Now it’s Monday morning, and I can feel the anxiety building.  I’m eating my cereal, praying, and then an idea pops in my head.  I have a client whose monthly bill averages $1,500 per month.  They’ve been a client forever, and I have a great business relationship with the CEO.  What if I offered them 12 months of service for the price of 10, but only if they paid the entire year’s fee up front?  They have great cash flow. It would be a win-win for everyone.  And then I realize that I have to ask for the money.  I’m not good at that, never have been.  But what other choice do I have?  This is it.  I call the CEO, make an appointment, type up the proposal, and present it to him later that day.  He’s interested, but wants to think about it for a few days.

Tuesday . . . Wednesday . . . Thursday . . . the balance is due on Monday, and I’m running out of days.

Then I get the email.  He agrees to it.  I can pick up the signed proposal and check on Friday morning.  We deposit the check, pay the bill, and just look at each other in silence.  We just lived a miracle.  We just paid off $20,000 in ten days.  Whoa.


In the five years since, a similar scenario has repeated itself multiple times. I wish I could tell you that I recognized them all as miracles. Often, I contributed the successes to my own business acumen.

Now, I know better, and it is incredibly comforting.

Today, I had a conversation with another entrepreneur, and I asked him how he came up with the idea for his business. His response was, “Do you believe in God?” He proceeded to tell me how the roadmap for his business had been poured out to him at critical steps along the way.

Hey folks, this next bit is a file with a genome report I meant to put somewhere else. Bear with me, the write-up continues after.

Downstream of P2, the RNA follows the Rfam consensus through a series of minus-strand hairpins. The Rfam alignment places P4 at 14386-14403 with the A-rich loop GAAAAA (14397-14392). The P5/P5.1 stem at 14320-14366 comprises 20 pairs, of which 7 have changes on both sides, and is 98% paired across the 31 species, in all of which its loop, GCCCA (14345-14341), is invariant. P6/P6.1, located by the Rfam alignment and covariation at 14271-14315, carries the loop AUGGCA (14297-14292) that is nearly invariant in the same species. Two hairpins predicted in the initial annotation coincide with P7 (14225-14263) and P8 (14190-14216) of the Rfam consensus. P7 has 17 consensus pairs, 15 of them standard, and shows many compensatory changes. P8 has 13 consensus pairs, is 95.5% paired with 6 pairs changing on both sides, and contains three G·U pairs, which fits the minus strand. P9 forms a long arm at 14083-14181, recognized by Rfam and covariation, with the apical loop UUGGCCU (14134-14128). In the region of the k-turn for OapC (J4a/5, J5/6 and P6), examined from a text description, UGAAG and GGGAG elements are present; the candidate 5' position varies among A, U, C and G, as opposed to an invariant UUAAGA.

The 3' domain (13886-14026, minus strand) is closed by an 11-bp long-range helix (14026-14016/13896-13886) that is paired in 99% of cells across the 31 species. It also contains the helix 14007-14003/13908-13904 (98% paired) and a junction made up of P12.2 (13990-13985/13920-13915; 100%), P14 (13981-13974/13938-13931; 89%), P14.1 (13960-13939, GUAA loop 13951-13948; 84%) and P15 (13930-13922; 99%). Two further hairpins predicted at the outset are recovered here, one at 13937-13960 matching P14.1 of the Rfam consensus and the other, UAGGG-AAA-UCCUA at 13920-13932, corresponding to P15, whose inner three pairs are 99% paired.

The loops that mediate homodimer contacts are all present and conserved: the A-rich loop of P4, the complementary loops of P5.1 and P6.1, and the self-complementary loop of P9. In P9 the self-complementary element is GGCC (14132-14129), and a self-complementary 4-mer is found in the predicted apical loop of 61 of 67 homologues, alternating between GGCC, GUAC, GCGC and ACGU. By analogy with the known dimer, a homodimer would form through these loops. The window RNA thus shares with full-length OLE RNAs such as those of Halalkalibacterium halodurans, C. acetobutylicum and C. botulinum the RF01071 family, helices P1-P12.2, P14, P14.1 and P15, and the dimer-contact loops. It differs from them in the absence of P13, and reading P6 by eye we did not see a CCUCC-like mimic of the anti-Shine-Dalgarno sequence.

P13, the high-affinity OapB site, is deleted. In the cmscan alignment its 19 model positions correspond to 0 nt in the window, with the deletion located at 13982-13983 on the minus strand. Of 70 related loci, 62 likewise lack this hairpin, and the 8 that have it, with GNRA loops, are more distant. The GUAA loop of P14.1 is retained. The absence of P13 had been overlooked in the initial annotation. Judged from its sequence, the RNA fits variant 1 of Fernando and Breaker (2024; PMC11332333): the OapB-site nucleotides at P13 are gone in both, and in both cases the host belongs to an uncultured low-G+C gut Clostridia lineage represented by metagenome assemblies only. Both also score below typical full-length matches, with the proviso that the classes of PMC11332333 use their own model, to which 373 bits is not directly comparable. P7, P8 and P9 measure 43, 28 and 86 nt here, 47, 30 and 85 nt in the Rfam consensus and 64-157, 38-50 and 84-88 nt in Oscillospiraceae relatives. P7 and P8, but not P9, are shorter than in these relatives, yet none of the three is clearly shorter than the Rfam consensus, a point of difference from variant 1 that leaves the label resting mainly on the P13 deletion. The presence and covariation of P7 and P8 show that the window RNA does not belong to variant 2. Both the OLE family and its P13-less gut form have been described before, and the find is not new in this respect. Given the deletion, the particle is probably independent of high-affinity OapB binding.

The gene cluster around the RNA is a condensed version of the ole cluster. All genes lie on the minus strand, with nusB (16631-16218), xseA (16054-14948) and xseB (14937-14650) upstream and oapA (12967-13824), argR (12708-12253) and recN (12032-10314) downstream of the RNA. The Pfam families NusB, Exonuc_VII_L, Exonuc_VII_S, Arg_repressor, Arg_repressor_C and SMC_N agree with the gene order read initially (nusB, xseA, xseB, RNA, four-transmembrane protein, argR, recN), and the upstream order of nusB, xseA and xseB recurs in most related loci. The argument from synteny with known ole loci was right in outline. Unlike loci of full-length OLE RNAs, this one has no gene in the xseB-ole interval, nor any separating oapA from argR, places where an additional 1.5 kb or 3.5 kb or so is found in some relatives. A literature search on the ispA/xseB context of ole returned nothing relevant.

It gave me the chills. We’ve experienced the exact same thing with 3eWerks.

At every critical juncture, there’s been provision.

Key relationships have literally walked through our doors on the way to other meetings. Important projects have fizzled, to be exposed as severely flawed months later. Unexpected deposit checks have arrived just when they’re needed to meet payroll.

And my God will meet all your needs according to his glorious riches in Christ Jesus. To our God and Father be the glory for ever and ever.

– the Apostle Paul, Philippians 4:19-20

Shortly after that conversation, Byron and I were regrouping on what was needed to have a successful month. We identified a round number. Within the hour, he had an email confirmation for a project next week that took care of a good chunk. As we headed out the door this afternoon, we checked the mail downstairs. As we opened the envelope containing a check for the rest of it, we couldn’t help but look at each other and just smile.

The message couldn’t be any clearer: He provides.

We can trade our worries about having a successful startup for a daily focus on the plans that have been revealed to us.

The even better news is that trade is available to you too. What worries are you ready to trade in?